We've written stories before on the increased consumer demand for online and mobile banking applications, detailing the clear trend away from the traditional bank branch and toward mobile banking. Now, a new study details how, for the first time in a decade, bank branches are in steep decline.
The Wall Street Journal, in partnership with Charlottesville, Va.-based SNL Financial, reports that U.S. bank branches are falling in number for the first time since 2002. Big banks like JPMorgan Chase (Stock Quote: JPM) and PNC Bank (Stock Quote: PNC) are reporting “hundreds” of bank branch closings, according to numbers compiled by SNL.
The analytical firm reports that there are 98,913 bank branches across the U.S., and that number is down 0.3% since the last report in June 2009.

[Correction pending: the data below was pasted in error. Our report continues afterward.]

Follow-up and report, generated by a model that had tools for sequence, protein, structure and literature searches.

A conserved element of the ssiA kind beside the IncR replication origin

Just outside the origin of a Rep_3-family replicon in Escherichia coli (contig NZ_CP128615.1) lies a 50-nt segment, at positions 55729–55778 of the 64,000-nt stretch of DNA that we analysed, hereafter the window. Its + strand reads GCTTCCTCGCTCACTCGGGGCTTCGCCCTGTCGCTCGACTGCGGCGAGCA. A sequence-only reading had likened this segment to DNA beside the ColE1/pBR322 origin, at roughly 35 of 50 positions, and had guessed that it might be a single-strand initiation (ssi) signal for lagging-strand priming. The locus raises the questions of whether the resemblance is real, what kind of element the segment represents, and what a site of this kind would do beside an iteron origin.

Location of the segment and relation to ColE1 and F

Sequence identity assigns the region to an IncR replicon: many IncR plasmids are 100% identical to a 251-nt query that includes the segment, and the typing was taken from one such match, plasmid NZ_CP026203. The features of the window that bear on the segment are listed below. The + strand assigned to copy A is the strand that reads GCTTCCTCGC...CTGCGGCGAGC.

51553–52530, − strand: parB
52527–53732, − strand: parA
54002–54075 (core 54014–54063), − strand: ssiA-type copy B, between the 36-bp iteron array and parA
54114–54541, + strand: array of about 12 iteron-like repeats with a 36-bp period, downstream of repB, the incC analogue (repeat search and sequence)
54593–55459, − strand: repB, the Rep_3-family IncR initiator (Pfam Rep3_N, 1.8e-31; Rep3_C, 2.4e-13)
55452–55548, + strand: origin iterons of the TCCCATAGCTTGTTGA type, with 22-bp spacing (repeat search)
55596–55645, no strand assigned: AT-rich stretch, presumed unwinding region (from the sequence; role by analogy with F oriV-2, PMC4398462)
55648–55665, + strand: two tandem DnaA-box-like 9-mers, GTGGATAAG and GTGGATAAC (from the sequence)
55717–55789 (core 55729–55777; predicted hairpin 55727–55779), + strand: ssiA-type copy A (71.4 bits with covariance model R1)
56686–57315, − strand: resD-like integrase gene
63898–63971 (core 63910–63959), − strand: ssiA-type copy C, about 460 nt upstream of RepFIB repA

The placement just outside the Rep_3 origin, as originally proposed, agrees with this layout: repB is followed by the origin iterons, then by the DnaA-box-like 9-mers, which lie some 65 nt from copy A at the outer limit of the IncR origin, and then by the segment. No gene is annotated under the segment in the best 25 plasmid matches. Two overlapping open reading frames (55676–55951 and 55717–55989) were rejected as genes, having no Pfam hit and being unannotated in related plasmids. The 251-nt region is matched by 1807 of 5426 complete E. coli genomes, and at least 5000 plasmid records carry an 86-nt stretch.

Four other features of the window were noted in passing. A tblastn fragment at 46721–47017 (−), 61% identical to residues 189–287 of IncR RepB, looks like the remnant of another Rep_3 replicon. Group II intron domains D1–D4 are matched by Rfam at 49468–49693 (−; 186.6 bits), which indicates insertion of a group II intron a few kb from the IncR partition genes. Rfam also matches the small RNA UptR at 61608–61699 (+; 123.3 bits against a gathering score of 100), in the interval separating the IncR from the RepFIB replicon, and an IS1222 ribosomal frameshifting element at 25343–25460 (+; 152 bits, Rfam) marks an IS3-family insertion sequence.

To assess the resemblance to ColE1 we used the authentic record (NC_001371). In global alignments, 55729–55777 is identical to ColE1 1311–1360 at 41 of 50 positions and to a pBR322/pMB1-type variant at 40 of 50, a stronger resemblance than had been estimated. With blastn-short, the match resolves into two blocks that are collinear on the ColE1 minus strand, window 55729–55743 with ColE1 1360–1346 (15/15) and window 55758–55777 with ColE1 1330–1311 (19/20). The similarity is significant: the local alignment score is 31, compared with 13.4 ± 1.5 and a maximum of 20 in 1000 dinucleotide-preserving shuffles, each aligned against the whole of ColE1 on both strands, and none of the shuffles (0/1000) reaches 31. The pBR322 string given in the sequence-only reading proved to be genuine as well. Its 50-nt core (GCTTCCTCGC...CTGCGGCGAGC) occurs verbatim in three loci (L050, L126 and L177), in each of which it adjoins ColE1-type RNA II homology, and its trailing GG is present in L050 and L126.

Part of the problem is less revenue for the banking industry, which copes with that problem by investing less in infrastructure and their workforce. The Federal Deposit Insurance Corp. reports that the 8,012 banks in the U.S. accounted for $12.5 billion in profits, and that’s down $100 million since 2007. That has led to a bloodletting among financial institutions, with 140 U.S. banks closing their doors and another 179 banks being absorbed in merger and acquisition deals.
The Wall Street Journal survey pegs the price tag for a new bank branch at $1 million apiece, and most banks don’t make any money on branches until they’ve been in business for a few years.
Geography also contributes to the reduction in bank branches. Hard-hit areas like Detroit — which reports an unemployment rate of 30% — have banks that are seeing less money flowing into their coffers. Consequently, a regional bank like Comerica (Stock Quote: CMA) will close six bank branches in the area by the end of 2010. But the bank is opening 13 branches in less vulnerable areas like Texas.